Preliminary SELinux MCS support in Gentoo Hardened


Sven Vermeulen Thu 21 July 2011

Users tracking the hardened-dev overlay for SELinux packages will notice yet another update on the selinux-base-policy package. This time however, the change is a little more than just a policy update. With this new revision, preliminary support for Multi-Category Security (aka MCS) is added.

MCS is an update on the SELinux policy where domains and resources can be given a "category". This is especially useful on what is called multi-tenant systems, where multiple processes (but of the same application and hence the same domain definition) are running, servicing requests of different clients (or even customers). With MCS, these different processes, although using the same domain definitions, can still be isolated. The use of categories is well accepted for virtualization hosts (where virtual guests should be run isolated from each other) and web servers, but other uses can be found easily as well.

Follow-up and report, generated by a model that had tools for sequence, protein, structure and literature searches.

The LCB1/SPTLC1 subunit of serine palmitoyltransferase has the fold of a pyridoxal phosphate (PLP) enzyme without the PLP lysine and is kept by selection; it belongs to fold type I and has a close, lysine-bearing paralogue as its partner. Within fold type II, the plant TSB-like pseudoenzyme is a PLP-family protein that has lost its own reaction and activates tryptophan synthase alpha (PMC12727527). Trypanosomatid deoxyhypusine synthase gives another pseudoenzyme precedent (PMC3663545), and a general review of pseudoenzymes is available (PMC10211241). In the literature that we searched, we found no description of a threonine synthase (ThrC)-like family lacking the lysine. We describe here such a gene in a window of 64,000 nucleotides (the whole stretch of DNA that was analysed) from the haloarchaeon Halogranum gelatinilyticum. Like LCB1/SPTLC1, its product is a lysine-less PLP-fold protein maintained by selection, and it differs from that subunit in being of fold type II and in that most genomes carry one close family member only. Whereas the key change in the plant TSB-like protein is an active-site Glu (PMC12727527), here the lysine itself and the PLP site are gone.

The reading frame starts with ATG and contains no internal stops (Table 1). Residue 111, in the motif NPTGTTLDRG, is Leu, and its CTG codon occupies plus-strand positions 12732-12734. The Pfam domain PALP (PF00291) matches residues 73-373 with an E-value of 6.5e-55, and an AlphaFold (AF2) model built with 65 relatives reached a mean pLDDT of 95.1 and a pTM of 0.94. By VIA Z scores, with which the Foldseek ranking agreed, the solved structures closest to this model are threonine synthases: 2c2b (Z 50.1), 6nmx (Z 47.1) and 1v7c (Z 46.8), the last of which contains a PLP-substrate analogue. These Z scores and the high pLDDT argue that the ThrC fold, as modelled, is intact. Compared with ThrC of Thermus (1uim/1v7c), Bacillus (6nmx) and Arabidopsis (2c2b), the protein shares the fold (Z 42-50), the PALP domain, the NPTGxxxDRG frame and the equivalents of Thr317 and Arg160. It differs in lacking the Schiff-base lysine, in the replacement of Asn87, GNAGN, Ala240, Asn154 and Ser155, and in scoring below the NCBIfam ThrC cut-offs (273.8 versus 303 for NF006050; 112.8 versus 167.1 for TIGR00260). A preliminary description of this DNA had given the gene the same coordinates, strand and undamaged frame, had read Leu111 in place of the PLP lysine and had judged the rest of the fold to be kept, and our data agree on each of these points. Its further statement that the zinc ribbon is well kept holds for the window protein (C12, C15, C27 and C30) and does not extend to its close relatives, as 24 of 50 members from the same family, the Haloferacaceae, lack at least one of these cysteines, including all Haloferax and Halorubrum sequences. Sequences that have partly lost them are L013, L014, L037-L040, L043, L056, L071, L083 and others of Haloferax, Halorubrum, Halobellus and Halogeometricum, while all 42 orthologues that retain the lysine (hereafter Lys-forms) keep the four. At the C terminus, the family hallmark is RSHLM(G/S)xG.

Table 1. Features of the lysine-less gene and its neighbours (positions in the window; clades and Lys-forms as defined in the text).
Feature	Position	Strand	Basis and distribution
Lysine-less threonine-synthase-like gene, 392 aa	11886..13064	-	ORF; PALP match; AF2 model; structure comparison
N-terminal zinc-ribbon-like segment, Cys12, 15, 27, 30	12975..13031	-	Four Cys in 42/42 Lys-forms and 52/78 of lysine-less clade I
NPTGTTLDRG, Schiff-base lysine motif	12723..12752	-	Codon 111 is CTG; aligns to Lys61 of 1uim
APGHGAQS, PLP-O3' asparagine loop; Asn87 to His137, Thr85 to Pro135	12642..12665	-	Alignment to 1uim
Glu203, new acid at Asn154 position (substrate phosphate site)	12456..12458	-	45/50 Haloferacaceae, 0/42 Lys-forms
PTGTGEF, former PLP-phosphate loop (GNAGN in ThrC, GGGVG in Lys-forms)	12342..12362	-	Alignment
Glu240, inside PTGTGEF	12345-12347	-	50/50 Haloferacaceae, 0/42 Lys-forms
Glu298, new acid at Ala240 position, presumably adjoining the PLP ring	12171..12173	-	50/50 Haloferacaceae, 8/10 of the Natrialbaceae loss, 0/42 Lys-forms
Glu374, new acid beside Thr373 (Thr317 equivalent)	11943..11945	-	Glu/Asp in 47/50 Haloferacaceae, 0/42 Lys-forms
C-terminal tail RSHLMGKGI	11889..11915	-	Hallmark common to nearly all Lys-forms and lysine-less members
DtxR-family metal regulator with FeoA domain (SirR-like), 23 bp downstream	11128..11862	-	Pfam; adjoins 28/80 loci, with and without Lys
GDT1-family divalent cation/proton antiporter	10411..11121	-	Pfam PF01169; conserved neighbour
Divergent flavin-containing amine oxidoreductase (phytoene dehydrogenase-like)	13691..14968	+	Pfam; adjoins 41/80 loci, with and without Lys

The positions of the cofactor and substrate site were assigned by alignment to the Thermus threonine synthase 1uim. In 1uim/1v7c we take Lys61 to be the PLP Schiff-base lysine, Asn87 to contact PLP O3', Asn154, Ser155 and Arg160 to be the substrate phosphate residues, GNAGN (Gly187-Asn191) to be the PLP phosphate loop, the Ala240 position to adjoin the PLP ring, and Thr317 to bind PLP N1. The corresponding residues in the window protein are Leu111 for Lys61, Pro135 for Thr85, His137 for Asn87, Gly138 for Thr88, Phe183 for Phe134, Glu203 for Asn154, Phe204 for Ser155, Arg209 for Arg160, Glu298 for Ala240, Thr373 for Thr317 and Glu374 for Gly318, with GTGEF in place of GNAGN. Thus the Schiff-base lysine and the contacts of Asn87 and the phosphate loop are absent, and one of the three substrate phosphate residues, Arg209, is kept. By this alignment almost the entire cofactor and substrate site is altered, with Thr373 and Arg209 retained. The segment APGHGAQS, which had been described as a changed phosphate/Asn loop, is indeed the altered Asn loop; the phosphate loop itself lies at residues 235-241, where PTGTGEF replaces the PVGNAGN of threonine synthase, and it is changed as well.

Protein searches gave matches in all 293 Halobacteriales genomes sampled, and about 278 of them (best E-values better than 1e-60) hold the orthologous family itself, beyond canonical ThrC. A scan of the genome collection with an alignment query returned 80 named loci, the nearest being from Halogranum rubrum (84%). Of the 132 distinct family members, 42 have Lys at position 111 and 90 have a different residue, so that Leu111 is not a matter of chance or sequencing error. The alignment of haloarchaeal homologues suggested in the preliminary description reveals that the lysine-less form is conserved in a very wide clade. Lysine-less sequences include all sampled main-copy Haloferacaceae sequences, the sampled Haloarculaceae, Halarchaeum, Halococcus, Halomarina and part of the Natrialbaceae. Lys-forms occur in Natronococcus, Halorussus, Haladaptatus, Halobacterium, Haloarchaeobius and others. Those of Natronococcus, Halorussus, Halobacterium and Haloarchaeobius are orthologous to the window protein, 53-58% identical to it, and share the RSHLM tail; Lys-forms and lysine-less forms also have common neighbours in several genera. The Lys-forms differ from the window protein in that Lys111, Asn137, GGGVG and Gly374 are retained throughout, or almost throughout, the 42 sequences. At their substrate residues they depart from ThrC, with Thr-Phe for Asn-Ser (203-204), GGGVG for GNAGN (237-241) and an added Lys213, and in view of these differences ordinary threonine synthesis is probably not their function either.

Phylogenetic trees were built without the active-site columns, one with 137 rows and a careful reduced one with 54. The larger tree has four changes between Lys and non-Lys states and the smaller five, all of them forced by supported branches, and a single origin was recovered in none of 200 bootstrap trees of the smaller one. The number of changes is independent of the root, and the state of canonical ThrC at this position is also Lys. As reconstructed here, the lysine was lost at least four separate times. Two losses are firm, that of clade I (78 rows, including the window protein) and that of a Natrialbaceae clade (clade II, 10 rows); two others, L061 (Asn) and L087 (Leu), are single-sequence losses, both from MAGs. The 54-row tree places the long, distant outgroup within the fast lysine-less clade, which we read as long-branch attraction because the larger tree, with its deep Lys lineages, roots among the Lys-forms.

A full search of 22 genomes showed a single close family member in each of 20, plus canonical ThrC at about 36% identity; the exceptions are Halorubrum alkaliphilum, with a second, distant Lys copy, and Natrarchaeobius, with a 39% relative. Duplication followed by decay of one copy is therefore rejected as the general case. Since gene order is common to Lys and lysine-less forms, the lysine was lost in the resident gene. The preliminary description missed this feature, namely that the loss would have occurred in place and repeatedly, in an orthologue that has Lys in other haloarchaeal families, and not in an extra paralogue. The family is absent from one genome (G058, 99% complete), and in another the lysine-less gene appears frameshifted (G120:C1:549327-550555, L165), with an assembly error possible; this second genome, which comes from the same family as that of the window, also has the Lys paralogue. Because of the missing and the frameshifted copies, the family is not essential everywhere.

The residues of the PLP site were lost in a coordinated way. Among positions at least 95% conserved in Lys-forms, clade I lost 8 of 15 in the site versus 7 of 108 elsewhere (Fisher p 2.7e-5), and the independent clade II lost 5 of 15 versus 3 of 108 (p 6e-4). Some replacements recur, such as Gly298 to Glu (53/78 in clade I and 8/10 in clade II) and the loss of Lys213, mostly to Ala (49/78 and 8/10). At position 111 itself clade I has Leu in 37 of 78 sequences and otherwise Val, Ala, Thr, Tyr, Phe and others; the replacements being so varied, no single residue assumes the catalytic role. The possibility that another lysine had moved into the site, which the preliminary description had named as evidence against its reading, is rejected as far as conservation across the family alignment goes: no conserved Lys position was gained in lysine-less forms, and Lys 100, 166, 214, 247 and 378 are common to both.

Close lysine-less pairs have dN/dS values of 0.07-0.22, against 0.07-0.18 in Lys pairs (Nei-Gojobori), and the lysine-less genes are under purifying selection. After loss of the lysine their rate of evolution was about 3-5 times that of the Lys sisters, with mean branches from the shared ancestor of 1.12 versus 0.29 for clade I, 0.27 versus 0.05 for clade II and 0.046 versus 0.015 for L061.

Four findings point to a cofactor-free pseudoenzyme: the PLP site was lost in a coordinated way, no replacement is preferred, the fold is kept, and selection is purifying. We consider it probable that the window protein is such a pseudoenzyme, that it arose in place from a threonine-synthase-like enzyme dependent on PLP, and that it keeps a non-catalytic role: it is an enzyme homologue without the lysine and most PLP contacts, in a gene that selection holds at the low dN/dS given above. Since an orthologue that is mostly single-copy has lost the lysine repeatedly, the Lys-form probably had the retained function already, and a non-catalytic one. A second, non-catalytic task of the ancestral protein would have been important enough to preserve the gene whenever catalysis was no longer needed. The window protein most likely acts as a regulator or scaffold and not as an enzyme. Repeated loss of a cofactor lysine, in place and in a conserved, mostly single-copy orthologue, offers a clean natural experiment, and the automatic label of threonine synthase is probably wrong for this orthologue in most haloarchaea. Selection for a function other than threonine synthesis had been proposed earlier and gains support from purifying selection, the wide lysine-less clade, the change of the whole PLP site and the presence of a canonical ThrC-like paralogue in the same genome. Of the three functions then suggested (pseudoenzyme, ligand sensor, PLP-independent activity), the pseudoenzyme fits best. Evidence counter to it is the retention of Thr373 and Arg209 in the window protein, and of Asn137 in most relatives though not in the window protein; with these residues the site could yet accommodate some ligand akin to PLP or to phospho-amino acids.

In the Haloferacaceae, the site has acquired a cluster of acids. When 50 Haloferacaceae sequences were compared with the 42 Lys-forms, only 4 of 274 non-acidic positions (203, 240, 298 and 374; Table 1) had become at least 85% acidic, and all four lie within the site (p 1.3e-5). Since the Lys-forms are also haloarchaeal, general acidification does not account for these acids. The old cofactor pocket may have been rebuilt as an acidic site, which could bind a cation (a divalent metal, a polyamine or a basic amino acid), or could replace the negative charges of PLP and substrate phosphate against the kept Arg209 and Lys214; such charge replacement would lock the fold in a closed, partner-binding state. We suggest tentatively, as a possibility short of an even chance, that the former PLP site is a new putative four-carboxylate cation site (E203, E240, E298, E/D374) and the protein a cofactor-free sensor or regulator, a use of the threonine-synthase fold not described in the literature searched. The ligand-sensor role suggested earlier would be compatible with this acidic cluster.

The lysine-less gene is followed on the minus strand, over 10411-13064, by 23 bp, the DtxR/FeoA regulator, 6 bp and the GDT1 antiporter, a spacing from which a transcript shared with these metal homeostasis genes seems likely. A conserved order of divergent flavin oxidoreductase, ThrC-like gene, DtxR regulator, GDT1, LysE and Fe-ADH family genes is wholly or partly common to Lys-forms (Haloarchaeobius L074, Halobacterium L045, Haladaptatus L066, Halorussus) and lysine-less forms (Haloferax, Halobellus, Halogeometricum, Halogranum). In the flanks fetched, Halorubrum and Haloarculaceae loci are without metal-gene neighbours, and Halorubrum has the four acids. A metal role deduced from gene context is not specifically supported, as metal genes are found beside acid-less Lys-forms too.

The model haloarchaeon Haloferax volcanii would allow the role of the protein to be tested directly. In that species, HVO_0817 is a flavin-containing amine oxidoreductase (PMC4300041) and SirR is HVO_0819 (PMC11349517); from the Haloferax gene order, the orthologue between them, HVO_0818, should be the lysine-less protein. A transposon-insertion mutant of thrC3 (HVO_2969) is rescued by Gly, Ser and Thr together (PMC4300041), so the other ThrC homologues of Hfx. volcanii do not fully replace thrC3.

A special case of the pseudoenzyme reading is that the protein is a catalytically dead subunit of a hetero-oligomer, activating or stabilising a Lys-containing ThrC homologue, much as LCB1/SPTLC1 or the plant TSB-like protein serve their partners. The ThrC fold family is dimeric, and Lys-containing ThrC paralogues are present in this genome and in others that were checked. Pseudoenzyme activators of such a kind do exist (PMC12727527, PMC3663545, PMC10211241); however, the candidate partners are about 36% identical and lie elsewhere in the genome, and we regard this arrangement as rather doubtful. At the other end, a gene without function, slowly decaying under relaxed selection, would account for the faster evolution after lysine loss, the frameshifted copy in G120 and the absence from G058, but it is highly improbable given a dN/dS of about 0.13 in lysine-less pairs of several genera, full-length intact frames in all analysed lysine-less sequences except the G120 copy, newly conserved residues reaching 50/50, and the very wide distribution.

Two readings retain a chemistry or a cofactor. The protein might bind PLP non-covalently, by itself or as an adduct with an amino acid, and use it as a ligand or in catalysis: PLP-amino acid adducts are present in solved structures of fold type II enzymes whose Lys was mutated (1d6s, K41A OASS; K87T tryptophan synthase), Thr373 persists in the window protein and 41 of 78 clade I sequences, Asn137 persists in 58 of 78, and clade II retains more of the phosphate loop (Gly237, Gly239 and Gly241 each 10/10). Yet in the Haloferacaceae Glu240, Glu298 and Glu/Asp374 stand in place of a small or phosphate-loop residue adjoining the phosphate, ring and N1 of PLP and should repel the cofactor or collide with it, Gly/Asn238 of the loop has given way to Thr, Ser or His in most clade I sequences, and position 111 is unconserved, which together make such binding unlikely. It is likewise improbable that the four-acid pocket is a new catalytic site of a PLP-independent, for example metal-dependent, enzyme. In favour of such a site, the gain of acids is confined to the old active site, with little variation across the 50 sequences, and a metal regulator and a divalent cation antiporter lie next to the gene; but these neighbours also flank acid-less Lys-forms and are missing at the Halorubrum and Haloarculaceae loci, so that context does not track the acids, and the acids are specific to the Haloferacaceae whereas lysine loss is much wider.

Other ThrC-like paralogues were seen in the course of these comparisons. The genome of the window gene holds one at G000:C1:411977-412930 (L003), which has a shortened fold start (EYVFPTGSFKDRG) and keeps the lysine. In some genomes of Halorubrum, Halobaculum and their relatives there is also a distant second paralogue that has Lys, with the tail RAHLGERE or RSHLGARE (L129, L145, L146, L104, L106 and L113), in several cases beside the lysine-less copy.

Next to MCS, the update also supports MLS or Multi-Level Security. Like MCS, this supports multiple categories, but it also supports multiple sensitivity levels. On an MLS system, the security administrator can control how information of a certain sensitivity label "flows" through the system. Now, the MLS support within Gentoo Hardened is still very experimental so I don't recommend it yet, unless you are willing to help us get it in a workable shape.

In order to use MCS, you need to use the POLICY_TYPES variable in /etc/make.conf (which allows Portage to build the policy type(s) you want) and the SELINUXTYPE variable in /etc/selinux/config. Whereas this previously was limited to "strict" or "targeted", they now support "mls" and "mcs" as well. Of course, this is documented in the Gentoo Hardened SELinux handbook (currently in the hardened-doc overlay).

Now, this is still preliminary support for MCS. A small fix needs to happen on our eclass and it definitely needs lots of testing before it can be considered for production use. Also, the majority of development attention will continue in the "strict" policy type although MCS testing and support will grow.